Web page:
Honoring Man’s Best Friend: 4 Exceptional Dog Statues Around The Globe

dogs 0 comments

A dog is truly a man’s best friend. They’re very loyal, loving, trusting, protective and caring too. That’s why we love them so much, and can do anything within our power to prove that love.

There are many dog statues in almost every part of the world to honor our dogs for different reasons. So, if you’re a dog lover who travels globally for sightseeing purposes, make sure you visit the below cities to see these outstanding dog statues:

(Collie) Lake Tekapo Village, New Zealand

In the 19th century, farming was the main source of livelihood for local residents of New Zealand. Dogs, especially collies came in handy to help them guard their sheep in their vast fields and mountains. Therefore, to honor these animals and recognize their importance to the farming communities of Mackenzie, South Island, a dog statue named Collie was erected. The statue is set on a plinth on Lake Tekapo shore. It’s right next to the Church of Good Shepherd, about 45mins to 1 hour’s drive from Mount Cook.


Greyfriars Bobby (Edinburgh, Scotland)

Greyfriars Bobby is a very popular statue in Edinburgh that attracts millions of tourists every year from different parts of the world. Greyfriars Bobby was a Skye Terrier dog who was owned by a night watchman in Edinburgh. Like most dogs, Bobby loved his owner deeply. So, when the watchman passed away in 1858, his dog continued mourning him for the next 14 years. He jealously guarded the master’s grave for 14 years till he died in 1872.
He was buried next to the owner and a statue erected one year later to commemorate his love and loyalty. You can find Greyfriars Bobby statue at the Greyfriars churchyard, while his bowl and collar are kept for display at the Museum of Edinburgh.

Patsy Ann (Juneau, Alaska)

Patsy Ann statue can be found close to the steamship dock in Juneau. It was put up to commemorate a deaf bull terrier who had the capability of sensing when ships were about to dock in Juneau. After sensing the ship, the dog would run to the port and alert the locals, who would then gather to welcome the arriving ship. Once the ship arrived, the dog made sure he greeted the visitors and crew members. Note that before his death in 1942, Patsy Ann lived in a hall alongside dock workers.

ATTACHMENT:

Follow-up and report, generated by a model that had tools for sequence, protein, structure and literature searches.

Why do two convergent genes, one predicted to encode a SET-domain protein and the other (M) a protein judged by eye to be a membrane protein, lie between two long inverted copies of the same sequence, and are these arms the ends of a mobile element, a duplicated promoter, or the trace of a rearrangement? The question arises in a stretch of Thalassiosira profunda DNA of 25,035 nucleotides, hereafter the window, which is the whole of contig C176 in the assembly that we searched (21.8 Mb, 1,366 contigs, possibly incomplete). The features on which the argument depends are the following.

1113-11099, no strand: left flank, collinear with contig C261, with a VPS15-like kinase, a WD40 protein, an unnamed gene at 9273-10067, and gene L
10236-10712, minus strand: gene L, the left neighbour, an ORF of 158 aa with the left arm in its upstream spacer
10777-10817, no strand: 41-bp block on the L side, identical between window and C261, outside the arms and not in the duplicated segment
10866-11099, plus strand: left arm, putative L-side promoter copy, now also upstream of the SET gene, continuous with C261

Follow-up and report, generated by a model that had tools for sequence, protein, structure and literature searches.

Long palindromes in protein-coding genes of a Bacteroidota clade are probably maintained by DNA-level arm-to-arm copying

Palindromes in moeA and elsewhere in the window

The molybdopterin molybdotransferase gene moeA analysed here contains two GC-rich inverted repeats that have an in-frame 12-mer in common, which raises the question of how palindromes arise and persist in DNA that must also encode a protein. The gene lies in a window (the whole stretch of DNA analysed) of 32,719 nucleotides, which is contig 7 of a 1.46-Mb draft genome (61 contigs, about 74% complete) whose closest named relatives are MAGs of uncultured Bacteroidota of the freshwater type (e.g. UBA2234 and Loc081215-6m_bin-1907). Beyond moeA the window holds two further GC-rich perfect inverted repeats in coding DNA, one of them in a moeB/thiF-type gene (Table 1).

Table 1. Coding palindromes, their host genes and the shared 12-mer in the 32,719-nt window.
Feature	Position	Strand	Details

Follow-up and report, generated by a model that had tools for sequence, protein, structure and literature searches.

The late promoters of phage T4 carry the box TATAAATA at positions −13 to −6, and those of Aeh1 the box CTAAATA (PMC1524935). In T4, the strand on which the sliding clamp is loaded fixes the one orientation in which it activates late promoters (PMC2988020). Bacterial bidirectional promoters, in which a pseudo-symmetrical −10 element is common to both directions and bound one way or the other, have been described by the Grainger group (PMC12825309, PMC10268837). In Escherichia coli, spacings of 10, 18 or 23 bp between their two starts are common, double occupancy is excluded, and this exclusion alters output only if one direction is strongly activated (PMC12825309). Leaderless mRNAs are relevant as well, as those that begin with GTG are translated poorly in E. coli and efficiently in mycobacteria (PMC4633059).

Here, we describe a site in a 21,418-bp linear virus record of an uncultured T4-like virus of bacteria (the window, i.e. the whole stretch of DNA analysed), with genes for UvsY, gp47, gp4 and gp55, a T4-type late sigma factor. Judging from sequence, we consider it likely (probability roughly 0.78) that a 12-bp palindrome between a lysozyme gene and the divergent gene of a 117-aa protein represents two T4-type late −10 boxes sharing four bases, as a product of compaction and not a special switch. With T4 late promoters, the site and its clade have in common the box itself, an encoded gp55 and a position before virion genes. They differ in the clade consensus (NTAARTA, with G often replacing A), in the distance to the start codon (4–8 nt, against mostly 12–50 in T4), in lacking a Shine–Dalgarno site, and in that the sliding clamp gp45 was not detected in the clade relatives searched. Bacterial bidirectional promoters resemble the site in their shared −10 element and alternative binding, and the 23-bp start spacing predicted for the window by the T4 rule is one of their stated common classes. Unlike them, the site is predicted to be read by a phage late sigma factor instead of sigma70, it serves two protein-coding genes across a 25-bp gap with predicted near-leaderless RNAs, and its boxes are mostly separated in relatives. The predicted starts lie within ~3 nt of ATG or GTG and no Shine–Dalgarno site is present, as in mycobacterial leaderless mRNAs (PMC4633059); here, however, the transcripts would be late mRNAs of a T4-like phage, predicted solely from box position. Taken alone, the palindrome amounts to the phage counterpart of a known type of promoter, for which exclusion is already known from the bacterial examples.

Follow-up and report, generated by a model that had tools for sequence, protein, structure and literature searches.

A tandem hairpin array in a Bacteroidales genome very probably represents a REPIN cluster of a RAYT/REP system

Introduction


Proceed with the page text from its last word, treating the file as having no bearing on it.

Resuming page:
Owney (Washington, DC)

Owney was a mixed breed dog that was well travelled throughout the United States. He was spotted for the first time next to Albany, N.Y. post office. People thought he was a pet of one of the employees at the post office. However, he continued hanging around the area for a while, and later started following mail bags that were loaded on trains. He continued accompanying postal office employees to deliver mails by train in different parts of the U.S. This made Owney famous, earning him a trip to Europe and Asia for 113 days. The then Tacoma postmaster sent him there to advertise the city abroad. Today, you can find the statue of Owney at the National Postal Museum adorning several souvenirs and tags awarded to him by the staff members of Railway Mail Service.

dog i owner

These are just some of the dog statues you’ll see around the world if you love travelling. Others include Sergeant Gander (Gander, Newfoundland), Balto (New York City), Old Shep (Fort Benton, Montana) , as well as Het Zinneke (Brussels, Belgium). Article thanks to cooperation with Art Dogs where you can buy dog statues like https://www.art-dogs.com/type/statues.